KABUL: Representatives of Afghanistan, China, Pakistan and the United States will meet in Oman next week to discuss reviving peace talks with Afghan Taliban, foreign ministry said in a statement today
However, the ministry did not mention if Afghan Taliban representatives would join the talks. On the other hand, the Afghan Taliban denied receiving any invitation in a video message.
The four-nation Quadrilateral Coordination Group (QGC) has been trying to ease the path to direct talks between the Afghan government and the Taliban, with little success.
Amin Waqad, a close aide to Afghan President Ashraf Ghani and a senior member of the High Peace Council (HPC), said, “HPC and government representatives will participate, and it is an important one because the Taliban representatives will be there. We will go with a clear plan.”
A senior Pakistani foreign ministry official confirmed the talks would take place on Oct 16. Last week, Foreign Minister Khawaja Asif told Voice of America the “quadrilateral arrangement will again be in operation” in Muscat in October.
Private sector can bring cost-effective methods for delivering energy to Pakistani industry: USAID
ED: M. M. ALAM
KARACHI: The United States Agency for International Development (USAID) brought together stakeholders from government institutions and the private sector to investigate challenges and explore opportunities for increasing investment in clean energy.
Project developers, financiers, investors, senior federal and provincial government officials, industry advisors, regulators, donors, and other energy professionals were in attendance. The workshop provided a forum for formulating a framework based on international best practices to promote clean energy development across Pakistan.
Addressing the workshop, USAID Deputy Mission Director for Sindh and Balochistan, John Smith-Sreen, reflected on the history of USAID’s efforts to expand energy access.
“Over the years, our partnership with the Government of Pakistan and the private sector has resulted in a higher quality of life, and a brighter future, for more than 38 million Pakistanis,” he held.
John Smith-Sreen also contemplated the future of the partnership, stating: “We believe that the private sector can bring new, innovative, efficient, and cost-effective methods for delivering energy to businesses and households across the country. These entrepreneurs need an environment which rewards, even incentivizes, taking a chance on clean energy endeavors. What we learn today will help us to define the support required for government institutions and the private sector to meet growing consumer demand for energy.”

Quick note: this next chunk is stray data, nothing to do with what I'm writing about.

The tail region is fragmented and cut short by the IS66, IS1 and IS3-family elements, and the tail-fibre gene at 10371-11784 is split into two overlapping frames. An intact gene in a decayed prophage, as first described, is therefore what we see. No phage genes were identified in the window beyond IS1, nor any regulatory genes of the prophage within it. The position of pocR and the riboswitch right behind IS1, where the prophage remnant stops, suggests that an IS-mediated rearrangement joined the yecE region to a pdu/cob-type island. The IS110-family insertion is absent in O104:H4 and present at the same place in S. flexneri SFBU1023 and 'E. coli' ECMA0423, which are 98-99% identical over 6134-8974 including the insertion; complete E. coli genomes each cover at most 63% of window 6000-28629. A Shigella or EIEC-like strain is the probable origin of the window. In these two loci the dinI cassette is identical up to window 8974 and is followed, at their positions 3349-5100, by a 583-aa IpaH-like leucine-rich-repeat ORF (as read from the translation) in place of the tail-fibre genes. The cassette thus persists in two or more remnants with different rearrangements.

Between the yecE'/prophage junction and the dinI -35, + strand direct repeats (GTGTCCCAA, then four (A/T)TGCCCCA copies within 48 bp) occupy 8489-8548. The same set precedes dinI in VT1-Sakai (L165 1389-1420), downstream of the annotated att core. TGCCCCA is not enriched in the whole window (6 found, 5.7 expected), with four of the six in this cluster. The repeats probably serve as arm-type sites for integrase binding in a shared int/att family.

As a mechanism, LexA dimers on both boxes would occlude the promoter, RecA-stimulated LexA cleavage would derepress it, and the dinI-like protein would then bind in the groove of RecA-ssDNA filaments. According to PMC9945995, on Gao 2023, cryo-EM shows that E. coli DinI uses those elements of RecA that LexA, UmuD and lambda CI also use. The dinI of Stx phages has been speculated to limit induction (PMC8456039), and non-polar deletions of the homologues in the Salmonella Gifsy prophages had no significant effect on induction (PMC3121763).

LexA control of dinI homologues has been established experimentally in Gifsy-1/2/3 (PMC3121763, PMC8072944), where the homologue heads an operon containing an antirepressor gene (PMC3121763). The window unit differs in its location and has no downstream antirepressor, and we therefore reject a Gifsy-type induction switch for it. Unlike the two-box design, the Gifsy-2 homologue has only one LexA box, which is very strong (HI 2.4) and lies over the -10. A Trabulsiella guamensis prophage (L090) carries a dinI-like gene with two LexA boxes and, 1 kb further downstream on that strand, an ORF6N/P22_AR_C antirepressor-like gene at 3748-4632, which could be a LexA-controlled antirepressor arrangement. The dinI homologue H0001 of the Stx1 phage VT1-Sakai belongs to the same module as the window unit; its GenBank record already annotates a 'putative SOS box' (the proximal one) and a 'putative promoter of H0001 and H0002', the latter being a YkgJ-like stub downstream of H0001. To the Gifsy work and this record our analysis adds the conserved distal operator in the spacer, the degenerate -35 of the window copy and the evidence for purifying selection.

Agha Wasif Abbas, Sindh Secretary for Energy chaired the inaugural session of the workshop. They reiterated the Government of Pakistan resolves to promote reforms in the energy sector and make it more sustainable, efficient, and capable of meeting the growing energy requirements of the country.
USAID’s Sustainable Energy for Pakistan (SEP) project, which aims to promote private sector investment in clean and sustainable energy production, transportation, and delivery in Pakistan, organized the workshop.
‘Makers’ in Shenzhen belie China’s reputation as a hub for technology copycats!
SHENZHEN: Engineers, computer programmers and children tinker with self-made radio-controlled toy cars and robotic arms in China’s southern city of Shenzhen, home to “makers” who belie the country’s reputation as a hub for technology copycats.
The group works in a special space inside a high-rise in a city considered a nerve centre for the “maker movement” of tech whizzes who invent, design and make their own gadgets and devices from scratch.
China is trying to shed its notoriety as a hub for counterfeit goods, a battleground in an ongoing trade dispute with the United States, which is threatening to hit Chinese electronics and other high-end industry with steep tariffs for the “theft” of intellectual property.
The Shenzhen government has doled out $145 million in grants to lure thousands of Chinese and foreign entrepreneurs, and tens of millions more to fund “maker spaces” and activities to encourage innovation.
At the “MG Space”, a wall is covered by shelves with meticulously labelled bins containing assorted pieces of wood and foam, circuit boards, wires, soldering kits, plastic parts and joiners for communal use.
“I’m designing a pulley system that can support a lot of weight,” 11-year-old Li Zhonghan informed without taking his eyes off a 3D modelling programme on his computer.
Once their blueprints are ready, the makers send their plans to a 3D printer and laser cutter to make their designs a reality.
Yue Lingyu, vice manager of “MG Space,” which is privately funded, said it is important to give children and youth opportunities to collaborate on projects with professionals.
Black-listed US diplomat, who killed a biker in Islamabad, cannot stand trial in Pakistan!
ISLAMABAD: IHC has been informed by the federal government that Black-listed US diplomat, who killed a biker in Islamabad Ateeq Beg and injured another by ramming his vehicle into their bike at an intersection here, could not be tried in Pakistan due to diplomatic immunity.
Nevertheless, according to the Deputy Attorney General (DAG), Emanuel Hall’s name has been put on the black list and hence he could not leave Pakistan.
DAG, while informing IHC that putting Emanuel’s name in the ECL was a very lengthy process, added that he could not be arrested as Geneva Convention gives him immunity. US Attaché could only be tried in Pakistan if his immunity is withdrawn.
It is pertinent to mention here that during the last hearing IHC judge held that being a diplomat did not mean the he could kill Pakistani citizens. The Kohsar SHO was also reprimanded for destroying the case by not conducting a blood test of the accused to determine whether he was driving under influence of any drug.